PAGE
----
You know that recommendation from the American Heart Association to eat two servings of fatty fish per week? That’s because of the type of fat that fish have in their bodies. Salmon, herring and sardines contain DHA (docosahexaenoic acid), an omega-3 essential fatty acid.
But guess what? The fish actually get their DHA from algae. So, do you need to eat fish to get DHA? The answer is no! Vegans can get enough DHA without fish or fish oil supplements.
Which is great news because we know that not only do fish feel pain, but overfishing is causing significant harm to the oceans and our planet. In other words, eating fish is not the answer to getting enough DHA!
DHA is a type of omega-3 essential fatty acid, which are polyunsaturated fatty acids (the heart-healthy kind of fat). Omega-3 is a classification based on the chemical structure of the fat. DHA has 22 carbons and 6 double bonds.
There are three main dietary types of omega-3s that are important for humans: ALA (alpha-linolenic acid), EPA (eicosapentanoic acid) and DHA. ALA is a short-chain omega-3 and EPA and DHA are longer-chain omega 3s.
Omega-3s are found in cell membranes and help give cells structure. DHA is special in that it is concentrated in cells in the brain and the eyes, signifying its importance in these organs.
DHA is critical for healthy brain development, which is why you’ll often see it added to infant formulas. And, when pregnant people take DHA supplements in pregnancy, their babies tend to have better cognitive abilities.
DHA is important throughout the life cycle, not just in utero and as an infant. As the brain continues to develop through childhood and adolescence, DHA is essential. And studies have found higher blood concentrations of DHA to be associated with better cognitive performance in adults.
There is some evidence showing the importance of omega-3s in preventing excessive cognitive decline later in life, but more research is needed on the specific impact of DHA on risk for Alzheimer’s disease and dementia.
Omega-3s have also been linked with heart health. Higher levels of DHA in the blood have been associated with lower disease progression in people who have heart disease. As for preventing heart disease, research is mixed. Specifically, supplementing with fish oil has not been shown to be beneficial for the generally healthy adult.
ALA is a short-chain fatty acid found in plant foods including walnuts, chia seeds, flaxseed and hemp seeds. Since the body contains enzymes that can convert ALA to the longer-chain EPA and DHA, theoretically, you can make all the EPA and DHA you need from ALA alone.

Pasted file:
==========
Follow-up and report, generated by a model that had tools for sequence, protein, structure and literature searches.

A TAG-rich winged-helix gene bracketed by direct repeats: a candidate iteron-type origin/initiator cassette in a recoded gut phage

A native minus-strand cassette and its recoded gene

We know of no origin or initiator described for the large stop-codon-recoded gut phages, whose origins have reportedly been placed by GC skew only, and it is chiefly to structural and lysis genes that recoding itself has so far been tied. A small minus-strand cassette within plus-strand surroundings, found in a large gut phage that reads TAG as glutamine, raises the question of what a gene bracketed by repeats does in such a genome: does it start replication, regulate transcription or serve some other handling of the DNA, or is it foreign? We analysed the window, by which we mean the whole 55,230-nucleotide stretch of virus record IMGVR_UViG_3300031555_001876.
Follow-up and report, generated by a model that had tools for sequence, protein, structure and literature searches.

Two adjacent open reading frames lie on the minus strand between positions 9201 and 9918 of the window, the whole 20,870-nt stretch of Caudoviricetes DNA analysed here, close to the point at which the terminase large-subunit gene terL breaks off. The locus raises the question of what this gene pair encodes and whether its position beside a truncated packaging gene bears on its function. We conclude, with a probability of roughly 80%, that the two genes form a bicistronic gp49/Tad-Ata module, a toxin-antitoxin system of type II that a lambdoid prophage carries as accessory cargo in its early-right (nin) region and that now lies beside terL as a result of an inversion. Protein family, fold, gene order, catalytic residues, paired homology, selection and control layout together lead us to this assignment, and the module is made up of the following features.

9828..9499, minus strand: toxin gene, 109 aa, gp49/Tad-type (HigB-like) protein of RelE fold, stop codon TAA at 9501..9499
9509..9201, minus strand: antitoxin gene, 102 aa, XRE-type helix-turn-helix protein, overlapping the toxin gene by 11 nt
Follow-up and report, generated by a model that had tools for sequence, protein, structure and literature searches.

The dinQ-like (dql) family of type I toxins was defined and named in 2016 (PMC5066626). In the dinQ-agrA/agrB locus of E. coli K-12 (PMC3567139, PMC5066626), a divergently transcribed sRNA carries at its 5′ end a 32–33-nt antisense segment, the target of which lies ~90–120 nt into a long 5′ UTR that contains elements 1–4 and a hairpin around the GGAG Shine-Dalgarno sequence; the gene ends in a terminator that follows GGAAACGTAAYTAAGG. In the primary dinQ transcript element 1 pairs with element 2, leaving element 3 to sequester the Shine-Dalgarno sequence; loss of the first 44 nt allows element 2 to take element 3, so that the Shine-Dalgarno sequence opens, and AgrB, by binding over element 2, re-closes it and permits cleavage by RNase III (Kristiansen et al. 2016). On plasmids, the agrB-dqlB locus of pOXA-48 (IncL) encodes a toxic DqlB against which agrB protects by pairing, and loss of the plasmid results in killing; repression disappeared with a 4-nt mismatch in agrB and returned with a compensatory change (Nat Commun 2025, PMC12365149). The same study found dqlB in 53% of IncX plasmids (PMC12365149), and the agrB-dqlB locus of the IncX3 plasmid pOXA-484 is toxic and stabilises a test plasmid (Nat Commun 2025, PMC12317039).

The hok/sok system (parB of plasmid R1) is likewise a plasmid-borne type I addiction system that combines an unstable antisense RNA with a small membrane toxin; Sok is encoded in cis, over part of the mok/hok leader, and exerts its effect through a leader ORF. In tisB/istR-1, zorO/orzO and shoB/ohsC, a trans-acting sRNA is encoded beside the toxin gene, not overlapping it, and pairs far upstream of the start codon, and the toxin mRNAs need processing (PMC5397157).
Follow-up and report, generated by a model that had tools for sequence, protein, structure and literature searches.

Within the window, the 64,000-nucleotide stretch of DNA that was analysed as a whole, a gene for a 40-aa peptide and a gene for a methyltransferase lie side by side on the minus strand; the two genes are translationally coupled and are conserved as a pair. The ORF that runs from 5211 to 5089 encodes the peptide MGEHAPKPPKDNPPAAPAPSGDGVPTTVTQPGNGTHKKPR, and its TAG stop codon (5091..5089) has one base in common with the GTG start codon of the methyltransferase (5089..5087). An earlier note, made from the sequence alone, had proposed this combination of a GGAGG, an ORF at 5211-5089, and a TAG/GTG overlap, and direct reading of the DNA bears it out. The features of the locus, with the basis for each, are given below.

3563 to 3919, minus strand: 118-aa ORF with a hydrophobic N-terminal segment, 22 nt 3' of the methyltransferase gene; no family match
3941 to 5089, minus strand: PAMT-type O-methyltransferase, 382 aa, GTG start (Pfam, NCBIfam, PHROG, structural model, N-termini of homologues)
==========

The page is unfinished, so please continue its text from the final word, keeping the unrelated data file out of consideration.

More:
However, the enzyme that converts ALA to EPA, and EPA to DHA, also converts omega-6 fats and may not be able to convert all the ALA we eat to longer-chain omega-3s. While conversion of ALA to EPA tends to be OK, research suggests that conversion rates of EPA to DHA can be very low.
Since you don’t know how much ALA your body is able to convert to EPA and DHA, it’s a good idea to consume some longer-chain omega-3s for extra insurance. This doesn’t mean it’s not important to consume ALA. Vegans should still aim to eat several servings of ALA-rich foods daily.
While DHA is not found in plant foods, it is produced by algae. And supplement manufacturers are able to harvest the vegan DHA from algae and put it into capsules! Which means algae is a vegan source of DHA.
Move over fish oil supplements, there’s a new DHA in town. Naturelo has an algae-based vegan DHA supplement in a gelatin-free capsule. Vegans can take this supplement to ensure they’re getting enough DHA.
Research has found vegans to have lower amounts of DHA in their blood than meat-eaters, and we’re not sure if vegans have lower amounts of DHA in their brains and eyes. If you want to be extra cautious, it’s a good idea to take a vegan DHA supplement in addition to consuming plenty of ALA.
In addition to consuming the dietary reference intake of ALA (1.6 grams per day for males and 1.1 grams per day for females), Jack Norris, RD, of VeganHealth.org offers the option of consuming an extra 2 grams of ALA or 200 to 300 milligrams of DHA per day.
One Naturelo vegan DHA softgel contains 400 milligrams of DHA which should be plenty to meet your DHA needs.
Before beginning any new dietary supplements, be sure to discuss it with your health care provider. For personalized nutrition advice, work with a registered dietitian nutritionist.
Taylor offers one-on-one nutrition counseling to help vegans eat nutritious and delicious meals and snacks they love.
This vegan DHA article was written by Taylor Wolfram RD for World of Vegan. The information presented here is not to be construed as medical advice or used to diagnose, treat, cure or prevent any condition or disease. Please note that this article contains affiliate links which help us keep regular content coming to life here at World of Vegan. Many thanks to our friends at Naturelo for supporting our work at World of Vegan!
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